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RIPPER Fast Effective Rule Induction

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1 RIPPER Fast Effective Rule Induction
Machine Learning 2003 Merlin Holzapfel & Martin Schmidt

2 Rule Sets - advantages easy to understand
usually better than decision Tree learners representable in first order logic > easy to implement in Prolog prior knowledge can be added

3 Rule Sets - disadvantages
scale poorly with training set size problems with noisy data likely in real-world data goal: develop rule learner that is efficient on noisy data competitive with C4.5 / C4.5rules

4 Problem with Overfitting
overfitting also handles noisy cases underfitting is too general solution pruning: reduced error pruning (REP) post pruning pre pruning

5 Post Pruning (C4.5) overfit & simplify bottom - up
construct tree that overfits convert tree to rules prune every rule separately sort rules according accuracy consider order when classifying bottom - up

6 Pre pruning some examples are ignored during concept generation
final concept does not classify all training data correctly can be implemented in form of stopping criteria

7 Reduced Error Pruning seperate and conquer
split data in training and validation set construct overfitting tree until pruning reduces accuracy evaluate impact on validation set of pruning a rule remove rule so it improves accuracy most

8 Time Complexity REP has a time complexity of O(n4)
initial phase of overfitting alone has a complexity of O(n²) alternative concept Grow: faster in benchmarks time complexity still O(n4) with noisy data

9 Incremental Reduced Error Pruning - IREP
by Fürnkranz & Widmer (1994) competitive error rates faster than REP and Grow

10 How IREP Works iterative application of REP random split of sets
 bad split has negative influence (but not as bad as with REP) immediately pruning after a rule is grown (top-down approach)  no overfitting

11 Cohens IREP Implementation
build rules until new rule results in too large error rate divide data (randomly) into growing set(2/3) and pruning set(1/3) grow rule from growing set immediately prune rule Delete final sequence of conditions delete condition that maximizes function v until no deletion improves value of v add pruned rule to ruleset delete every example covered by rule (p/n)

12 Cohens IREP - Algorithm

13 IREP and Multiple Classes
order classes according to increasing prevalence (C1,....,Ck) find rule set to separate C1 from other classes IREP(PosData=C1,NegData=C2,...,Ck) remove all instances learned by rule set find rule set to separate C2 from C3,...,Ck ... Ck remains as default class

14 IREP and Missing Attributes
handle missing attributes: for all tests involving A if attribute A of an instance is missing test fails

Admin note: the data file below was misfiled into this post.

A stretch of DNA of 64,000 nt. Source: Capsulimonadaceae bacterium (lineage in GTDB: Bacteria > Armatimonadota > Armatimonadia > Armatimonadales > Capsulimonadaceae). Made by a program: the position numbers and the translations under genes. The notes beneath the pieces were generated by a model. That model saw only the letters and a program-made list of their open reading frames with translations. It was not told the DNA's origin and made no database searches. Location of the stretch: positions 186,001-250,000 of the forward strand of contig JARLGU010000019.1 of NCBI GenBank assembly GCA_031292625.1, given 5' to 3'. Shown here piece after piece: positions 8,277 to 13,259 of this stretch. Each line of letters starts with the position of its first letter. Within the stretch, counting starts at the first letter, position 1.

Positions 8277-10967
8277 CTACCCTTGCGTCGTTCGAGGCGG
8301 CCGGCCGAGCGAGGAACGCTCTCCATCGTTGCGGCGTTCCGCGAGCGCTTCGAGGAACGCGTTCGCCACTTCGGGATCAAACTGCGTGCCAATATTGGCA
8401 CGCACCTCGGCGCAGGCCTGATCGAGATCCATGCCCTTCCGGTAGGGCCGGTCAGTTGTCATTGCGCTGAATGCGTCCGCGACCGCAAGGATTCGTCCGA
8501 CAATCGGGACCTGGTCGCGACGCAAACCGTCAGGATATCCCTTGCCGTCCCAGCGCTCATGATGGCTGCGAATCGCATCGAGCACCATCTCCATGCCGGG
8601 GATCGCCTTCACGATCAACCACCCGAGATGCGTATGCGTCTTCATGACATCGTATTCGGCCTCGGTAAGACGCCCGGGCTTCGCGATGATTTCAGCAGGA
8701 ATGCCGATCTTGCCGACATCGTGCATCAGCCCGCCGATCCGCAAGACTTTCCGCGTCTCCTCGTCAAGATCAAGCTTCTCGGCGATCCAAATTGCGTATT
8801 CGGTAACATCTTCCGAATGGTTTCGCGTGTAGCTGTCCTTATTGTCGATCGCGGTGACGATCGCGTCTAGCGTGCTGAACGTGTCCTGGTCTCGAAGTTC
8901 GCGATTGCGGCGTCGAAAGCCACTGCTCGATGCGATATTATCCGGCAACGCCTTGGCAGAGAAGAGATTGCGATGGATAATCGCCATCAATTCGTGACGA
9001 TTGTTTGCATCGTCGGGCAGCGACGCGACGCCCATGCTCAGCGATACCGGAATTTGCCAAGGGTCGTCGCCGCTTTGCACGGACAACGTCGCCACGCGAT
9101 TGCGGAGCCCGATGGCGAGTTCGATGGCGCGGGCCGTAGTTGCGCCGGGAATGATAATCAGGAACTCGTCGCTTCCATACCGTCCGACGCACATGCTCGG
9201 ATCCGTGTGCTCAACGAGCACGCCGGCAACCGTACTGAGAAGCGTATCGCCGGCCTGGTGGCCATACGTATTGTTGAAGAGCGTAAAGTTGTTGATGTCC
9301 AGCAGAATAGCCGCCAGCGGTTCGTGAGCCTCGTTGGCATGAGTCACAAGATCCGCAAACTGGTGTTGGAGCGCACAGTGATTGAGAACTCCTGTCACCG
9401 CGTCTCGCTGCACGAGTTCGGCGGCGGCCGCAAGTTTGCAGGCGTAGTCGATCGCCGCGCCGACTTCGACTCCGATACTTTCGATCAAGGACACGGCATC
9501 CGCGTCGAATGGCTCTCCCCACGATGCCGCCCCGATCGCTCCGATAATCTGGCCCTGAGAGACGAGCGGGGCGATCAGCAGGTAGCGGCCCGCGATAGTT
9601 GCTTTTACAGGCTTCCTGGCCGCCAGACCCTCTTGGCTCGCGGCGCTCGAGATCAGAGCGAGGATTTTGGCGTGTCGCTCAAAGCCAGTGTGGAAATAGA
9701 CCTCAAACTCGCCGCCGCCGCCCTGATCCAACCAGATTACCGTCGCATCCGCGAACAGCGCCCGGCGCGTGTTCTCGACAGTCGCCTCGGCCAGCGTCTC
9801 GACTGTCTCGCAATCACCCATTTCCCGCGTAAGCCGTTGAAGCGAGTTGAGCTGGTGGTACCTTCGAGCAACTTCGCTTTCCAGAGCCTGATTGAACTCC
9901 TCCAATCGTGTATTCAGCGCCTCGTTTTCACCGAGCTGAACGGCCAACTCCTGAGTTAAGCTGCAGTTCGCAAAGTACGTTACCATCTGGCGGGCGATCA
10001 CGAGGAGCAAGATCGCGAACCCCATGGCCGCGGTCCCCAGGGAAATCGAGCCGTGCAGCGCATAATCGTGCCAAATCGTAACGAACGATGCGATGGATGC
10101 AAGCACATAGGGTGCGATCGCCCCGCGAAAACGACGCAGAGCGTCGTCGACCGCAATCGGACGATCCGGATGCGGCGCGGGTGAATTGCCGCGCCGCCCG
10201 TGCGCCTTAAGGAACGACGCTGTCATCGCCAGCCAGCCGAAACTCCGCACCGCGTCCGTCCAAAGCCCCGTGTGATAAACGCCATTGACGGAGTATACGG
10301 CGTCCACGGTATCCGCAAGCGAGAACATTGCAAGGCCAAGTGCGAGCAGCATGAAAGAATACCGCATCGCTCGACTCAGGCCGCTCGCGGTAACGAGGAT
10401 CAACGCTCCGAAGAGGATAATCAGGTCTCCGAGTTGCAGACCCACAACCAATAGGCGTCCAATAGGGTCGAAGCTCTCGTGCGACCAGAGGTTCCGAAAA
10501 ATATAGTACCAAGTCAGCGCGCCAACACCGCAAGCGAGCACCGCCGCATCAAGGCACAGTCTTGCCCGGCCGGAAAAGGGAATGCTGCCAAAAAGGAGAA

15 Differences Cohen <> Original
pruning: final sequence <> single final condition stopping condition: error rate 50% <> accuracy(rule) < accuracy(empty rule) application: missing attributes, numerical variables, multiple classes <> two-class problems

16 Time Complexity IREP: O(m log² m), m = number of examples
(fixed number of classification noise)

17 37 Benchmark Problems

18 Generalization Performance
IREP performs worse on benchmark problems than C4.5rules won-lost-tie ratio: error ratio 1.13 excluding mushroom 1.52 including mushroom

19 Improving IREP three modifications:
alternative metric in pruning phase new stopping heuristics for rule adding post pruning of whole rule set (non-incremental pruning)

20 the Rule-Value Metric old metric not intuitive
R1: p1 = 2000, n1 = 1000 R2: p1 = 1000, n1 = 1 metric preferes R1 (fixed P,N) leads to occasional failure to converge new metric (IREP*)

21 Stopping Condition 50%-heuristics often stops too soon with moderate sized examples sensitive to the ‘small disjunct problem‘ solution: after a rule is added, the total description length of rule set and missclassifications (DL=C+E) If DL is d bits larger then the smallest length so far stop (min(DL)+d<DLcurrent) d = 64 in Cohen‘s implementation  MDL (Minimal Description Length) heuristics

22 IREP* IREP* is IREP, improved by the new rule-value metric and the new stopping condition against IREP against C4.5rules error ratio 1.06 (IREP 1.13) respectively 1.04 (1.52) including mushrooms

23 Rule Optimization post prunes rules produced by IREP*
The rules are considered in turn for each rule R, two alternatives are constructed Ri‘ new rule Ri‘‘ based on Ri final rule is chosen according to MDL

24 RIPPER IREP* is used to obtain a rule set
rule optimization takes place IREP* is used to cover remaining positive examples  Repeated Incremental Pruning to Produce Error Reduction

25 RIPPERk apply steps 2 and 3 k times

26 RIPPER Performance against IREP*

27 Error Rates RIPPER obviously is competitive

28 Efficency of RIPPERk modifications do not change complexity

29 Reasons for Efficiency
find model with IREP* and then improve effiecient first model with right size optimization takes linear time C4.5 has expensive optimization improvement process to large initial model RIPPER is especially more efficient on large noisy datasets

30 Conclusions IREP improved to IREP* IREP* improved to RIPPER
IREP is efficient rule learner for large noisy datasets but performs worse than C4.5 IREP improved to IREP* IREP* improved to RIPPER k iterated RIPPER is RIPPERk RIPPERk more efficient and performs better than C4.5

31 References Fast Effective Rule Induction William W. Cohen [1995]
Incremental Reduced Error Pruning J. Fürnkranz & G. Widmer [1994] Efficient Pruning Methods William W. Cohen [1993]

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